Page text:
Tuesday, March 29, 2005

HITB videos

Dhillon has just posted HITB videos on his site for HITB2004.

Monday, March 28, 2005

Web Services: Enumeration and Profiling (Whitepaper)

Web services assessment can begin with a corporate name or some other such bit of information. This simple hint offers a wealth of information that needs to be unearthed. Focus first on locating single or multiple access points for a particular corporate. The methodology, which includes web services footprinting, discovery and search, is described in another paper (http://packetstormsecurity.org/papers/web/Defense_using_mod_security.pdf). Once an access point for a web service is uncovered, the next obvious step is to extract information from it.

Web services are deployed to invoke remote calls over HTTP/HTTPS. To make calls such as these, requires that information about the calls be shared with the end client. In the past, during the days of CORBA, developers used to share IDL (Interface Definition Language) files providing the required information over the network. Now, in the days of web services this has changed to WSDL (Web Services Definition Language). WSDL is a major source for information and can help in the enumeration process. We shall go over the enumeration process in subsequent sections.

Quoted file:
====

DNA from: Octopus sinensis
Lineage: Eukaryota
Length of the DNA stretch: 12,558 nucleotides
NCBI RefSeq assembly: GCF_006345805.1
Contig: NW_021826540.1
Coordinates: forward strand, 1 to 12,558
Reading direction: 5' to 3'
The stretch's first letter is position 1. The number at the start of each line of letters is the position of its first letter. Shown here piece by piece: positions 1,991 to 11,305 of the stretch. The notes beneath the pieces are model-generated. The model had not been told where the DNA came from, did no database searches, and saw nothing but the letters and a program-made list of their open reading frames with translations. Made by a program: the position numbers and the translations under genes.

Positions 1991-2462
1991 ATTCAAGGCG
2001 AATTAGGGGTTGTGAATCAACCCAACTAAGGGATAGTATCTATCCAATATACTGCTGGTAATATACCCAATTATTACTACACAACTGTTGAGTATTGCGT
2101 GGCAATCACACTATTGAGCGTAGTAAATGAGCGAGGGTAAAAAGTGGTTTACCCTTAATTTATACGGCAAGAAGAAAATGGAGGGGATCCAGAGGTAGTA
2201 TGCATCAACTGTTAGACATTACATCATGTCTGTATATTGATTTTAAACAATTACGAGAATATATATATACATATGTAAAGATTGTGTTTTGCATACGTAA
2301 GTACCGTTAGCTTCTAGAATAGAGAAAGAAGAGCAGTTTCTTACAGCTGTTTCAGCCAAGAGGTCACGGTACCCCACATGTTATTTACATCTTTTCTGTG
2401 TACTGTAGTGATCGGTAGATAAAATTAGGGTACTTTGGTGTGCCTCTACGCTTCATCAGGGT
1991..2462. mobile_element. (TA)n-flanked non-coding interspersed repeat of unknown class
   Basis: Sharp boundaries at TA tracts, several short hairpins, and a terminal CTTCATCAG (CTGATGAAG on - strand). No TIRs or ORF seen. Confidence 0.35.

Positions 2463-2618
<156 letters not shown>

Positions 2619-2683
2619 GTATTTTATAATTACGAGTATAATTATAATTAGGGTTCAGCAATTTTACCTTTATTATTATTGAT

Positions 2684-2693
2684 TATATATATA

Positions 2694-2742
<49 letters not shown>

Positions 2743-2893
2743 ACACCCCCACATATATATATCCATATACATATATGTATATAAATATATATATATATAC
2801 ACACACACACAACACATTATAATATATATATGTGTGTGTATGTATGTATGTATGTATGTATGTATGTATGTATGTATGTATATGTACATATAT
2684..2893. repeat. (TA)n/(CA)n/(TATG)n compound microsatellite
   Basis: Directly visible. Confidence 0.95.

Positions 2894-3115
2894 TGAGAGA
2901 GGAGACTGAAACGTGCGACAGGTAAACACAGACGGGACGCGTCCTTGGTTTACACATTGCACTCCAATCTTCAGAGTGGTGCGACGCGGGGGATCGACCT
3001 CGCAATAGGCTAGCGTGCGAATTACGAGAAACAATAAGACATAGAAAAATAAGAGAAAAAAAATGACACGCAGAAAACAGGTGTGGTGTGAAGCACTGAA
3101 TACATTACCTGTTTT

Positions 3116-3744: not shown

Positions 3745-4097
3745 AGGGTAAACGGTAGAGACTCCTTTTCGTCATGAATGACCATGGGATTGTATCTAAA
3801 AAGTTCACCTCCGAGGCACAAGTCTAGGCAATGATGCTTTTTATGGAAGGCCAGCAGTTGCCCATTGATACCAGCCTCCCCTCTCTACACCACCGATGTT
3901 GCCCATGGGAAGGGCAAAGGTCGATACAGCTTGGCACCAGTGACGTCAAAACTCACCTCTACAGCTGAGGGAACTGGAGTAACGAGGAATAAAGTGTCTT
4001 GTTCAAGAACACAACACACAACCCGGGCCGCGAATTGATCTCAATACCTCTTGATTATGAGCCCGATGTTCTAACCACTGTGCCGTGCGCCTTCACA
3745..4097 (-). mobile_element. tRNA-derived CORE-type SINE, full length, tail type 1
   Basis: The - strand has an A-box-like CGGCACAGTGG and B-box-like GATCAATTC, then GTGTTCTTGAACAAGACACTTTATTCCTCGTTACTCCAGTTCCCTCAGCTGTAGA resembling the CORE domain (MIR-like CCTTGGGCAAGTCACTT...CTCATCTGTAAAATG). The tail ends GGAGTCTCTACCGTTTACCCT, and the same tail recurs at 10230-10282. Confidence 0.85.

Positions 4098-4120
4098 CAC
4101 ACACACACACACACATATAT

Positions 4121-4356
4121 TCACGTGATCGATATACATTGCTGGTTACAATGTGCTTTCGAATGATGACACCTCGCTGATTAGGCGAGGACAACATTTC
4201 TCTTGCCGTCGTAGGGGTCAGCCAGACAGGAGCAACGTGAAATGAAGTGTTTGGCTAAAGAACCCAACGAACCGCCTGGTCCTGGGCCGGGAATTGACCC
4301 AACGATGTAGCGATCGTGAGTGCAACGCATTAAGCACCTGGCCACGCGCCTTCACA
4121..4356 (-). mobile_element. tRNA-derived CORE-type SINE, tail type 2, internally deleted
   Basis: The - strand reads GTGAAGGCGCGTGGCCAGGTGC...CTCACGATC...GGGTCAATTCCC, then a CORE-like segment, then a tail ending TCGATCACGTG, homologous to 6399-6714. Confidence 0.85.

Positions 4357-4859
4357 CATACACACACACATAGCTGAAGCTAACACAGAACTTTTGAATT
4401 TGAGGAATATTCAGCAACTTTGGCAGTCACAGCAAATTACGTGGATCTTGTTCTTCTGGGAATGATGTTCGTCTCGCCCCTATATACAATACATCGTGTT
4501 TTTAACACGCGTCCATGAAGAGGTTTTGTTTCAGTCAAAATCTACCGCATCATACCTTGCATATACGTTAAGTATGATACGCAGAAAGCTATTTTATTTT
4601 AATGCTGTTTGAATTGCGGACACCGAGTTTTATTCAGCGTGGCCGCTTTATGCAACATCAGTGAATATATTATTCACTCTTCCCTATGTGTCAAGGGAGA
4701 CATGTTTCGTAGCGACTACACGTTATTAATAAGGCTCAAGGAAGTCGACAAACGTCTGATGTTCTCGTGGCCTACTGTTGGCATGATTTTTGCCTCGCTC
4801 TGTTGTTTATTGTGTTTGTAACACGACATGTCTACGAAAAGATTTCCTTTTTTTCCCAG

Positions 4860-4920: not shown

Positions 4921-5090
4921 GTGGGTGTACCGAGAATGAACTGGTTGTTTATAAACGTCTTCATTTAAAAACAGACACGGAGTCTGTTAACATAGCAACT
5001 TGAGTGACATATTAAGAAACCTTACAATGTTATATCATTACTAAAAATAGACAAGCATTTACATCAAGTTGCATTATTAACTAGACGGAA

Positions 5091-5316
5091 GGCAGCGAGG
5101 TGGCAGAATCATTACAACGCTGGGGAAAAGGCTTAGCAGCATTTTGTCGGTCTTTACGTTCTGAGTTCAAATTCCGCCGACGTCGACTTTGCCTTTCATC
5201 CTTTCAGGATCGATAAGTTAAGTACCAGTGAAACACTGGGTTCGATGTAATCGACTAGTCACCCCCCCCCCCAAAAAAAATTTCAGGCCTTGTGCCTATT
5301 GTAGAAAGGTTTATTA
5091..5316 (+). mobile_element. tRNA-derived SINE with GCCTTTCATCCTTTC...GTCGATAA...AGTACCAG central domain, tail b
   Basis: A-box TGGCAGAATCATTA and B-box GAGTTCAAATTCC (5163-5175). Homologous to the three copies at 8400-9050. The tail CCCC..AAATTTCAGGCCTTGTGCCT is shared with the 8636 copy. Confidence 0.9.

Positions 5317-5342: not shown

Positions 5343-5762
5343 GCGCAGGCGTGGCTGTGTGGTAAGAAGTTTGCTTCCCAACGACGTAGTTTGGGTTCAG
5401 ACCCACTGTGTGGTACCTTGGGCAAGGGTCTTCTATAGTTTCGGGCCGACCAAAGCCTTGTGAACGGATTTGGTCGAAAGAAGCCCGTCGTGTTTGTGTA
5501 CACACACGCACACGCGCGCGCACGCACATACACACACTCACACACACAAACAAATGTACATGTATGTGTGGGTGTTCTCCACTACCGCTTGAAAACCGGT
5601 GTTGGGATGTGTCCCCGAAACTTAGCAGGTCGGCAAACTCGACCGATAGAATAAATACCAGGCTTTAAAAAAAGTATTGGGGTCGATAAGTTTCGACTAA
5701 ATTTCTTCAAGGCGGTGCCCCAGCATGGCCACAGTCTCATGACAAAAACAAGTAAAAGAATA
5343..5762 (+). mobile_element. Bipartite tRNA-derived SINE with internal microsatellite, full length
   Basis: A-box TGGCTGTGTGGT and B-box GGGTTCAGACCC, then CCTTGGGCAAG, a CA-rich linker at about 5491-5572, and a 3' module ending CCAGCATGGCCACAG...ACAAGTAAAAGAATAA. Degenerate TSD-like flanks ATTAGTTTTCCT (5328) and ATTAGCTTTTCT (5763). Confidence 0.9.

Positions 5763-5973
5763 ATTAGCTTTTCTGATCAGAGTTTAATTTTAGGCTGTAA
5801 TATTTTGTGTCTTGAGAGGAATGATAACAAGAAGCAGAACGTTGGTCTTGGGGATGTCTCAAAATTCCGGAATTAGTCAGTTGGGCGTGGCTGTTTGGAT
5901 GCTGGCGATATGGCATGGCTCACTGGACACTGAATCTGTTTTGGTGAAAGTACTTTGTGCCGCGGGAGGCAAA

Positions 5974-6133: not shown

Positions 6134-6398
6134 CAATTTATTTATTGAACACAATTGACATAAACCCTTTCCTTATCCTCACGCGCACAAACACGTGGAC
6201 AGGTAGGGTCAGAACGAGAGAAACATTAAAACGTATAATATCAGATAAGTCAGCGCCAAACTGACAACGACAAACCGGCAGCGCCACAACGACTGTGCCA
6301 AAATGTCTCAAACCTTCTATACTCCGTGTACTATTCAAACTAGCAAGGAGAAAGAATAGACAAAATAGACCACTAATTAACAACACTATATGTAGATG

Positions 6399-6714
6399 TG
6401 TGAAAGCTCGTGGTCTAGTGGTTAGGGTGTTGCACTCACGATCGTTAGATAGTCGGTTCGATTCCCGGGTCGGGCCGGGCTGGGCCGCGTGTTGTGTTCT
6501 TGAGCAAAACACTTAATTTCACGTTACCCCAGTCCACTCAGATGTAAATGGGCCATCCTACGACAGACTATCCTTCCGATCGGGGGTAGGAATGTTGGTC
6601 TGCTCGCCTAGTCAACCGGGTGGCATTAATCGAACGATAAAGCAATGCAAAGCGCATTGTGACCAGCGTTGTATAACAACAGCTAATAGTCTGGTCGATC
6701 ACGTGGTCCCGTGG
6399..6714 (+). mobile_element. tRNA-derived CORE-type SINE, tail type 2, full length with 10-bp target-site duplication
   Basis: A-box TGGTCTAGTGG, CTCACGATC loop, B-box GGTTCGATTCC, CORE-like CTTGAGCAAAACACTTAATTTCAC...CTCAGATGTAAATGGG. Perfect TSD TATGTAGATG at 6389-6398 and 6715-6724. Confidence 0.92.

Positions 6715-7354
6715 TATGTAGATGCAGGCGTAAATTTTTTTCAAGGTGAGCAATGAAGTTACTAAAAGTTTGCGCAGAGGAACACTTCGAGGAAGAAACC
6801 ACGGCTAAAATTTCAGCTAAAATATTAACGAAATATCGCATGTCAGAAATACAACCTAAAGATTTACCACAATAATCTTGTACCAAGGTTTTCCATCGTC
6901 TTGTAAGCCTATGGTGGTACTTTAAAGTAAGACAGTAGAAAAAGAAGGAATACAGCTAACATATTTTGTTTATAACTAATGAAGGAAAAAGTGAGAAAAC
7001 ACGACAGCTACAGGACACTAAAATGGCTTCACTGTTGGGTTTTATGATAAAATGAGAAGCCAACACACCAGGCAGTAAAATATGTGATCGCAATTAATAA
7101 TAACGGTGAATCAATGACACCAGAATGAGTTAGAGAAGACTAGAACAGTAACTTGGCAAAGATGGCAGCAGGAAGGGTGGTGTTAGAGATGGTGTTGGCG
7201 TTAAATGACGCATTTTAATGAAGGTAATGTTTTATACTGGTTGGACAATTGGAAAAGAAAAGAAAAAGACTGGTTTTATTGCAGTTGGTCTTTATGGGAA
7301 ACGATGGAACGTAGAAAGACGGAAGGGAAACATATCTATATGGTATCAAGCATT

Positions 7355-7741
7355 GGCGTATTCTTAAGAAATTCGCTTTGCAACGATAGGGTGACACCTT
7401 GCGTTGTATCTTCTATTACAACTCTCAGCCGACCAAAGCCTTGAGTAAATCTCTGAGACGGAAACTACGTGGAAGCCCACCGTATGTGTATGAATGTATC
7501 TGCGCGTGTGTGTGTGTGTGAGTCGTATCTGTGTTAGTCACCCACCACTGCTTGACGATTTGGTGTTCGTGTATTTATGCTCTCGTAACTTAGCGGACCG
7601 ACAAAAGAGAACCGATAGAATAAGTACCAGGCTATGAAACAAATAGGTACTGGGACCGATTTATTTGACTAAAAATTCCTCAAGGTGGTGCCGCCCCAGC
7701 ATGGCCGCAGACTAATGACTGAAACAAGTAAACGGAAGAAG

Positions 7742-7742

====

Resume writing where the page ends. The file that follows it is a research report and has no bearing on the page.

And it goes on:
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Monday, March 21, 2005

Web application defense at the gates – Leveraging IHttpModule (Whitepaper)

Web applications are vulnerable to many attacks, mainly due to poor input validation at the source code level. Firewalls can block access to ports but once a web application goes live and TCP ports 80 and 443 are accessible, the web application can be an easy prey for attackers. HTTP traffic is legitimate traffic for web applications; all the more reason to include application-level content-filtering over unencrypted and encrypted communication channels. Application-level content filtering is possible to some extent but may not work over HTTPS (port 443). The only way to provide a strong defense is by applying powerful content-filtering at the application-level for both TCP port 80 and TCP port 443.

The .Net framework with ASP.NET provides the IHttpModule interface access to HTTP pipes - the lowest of programming layers - before an incoming HTTP request hits the web application. This can provide defense at the gates. In this paper, we look at how one can build this sort of defense in all three aspects - coding, deployment and configuration.
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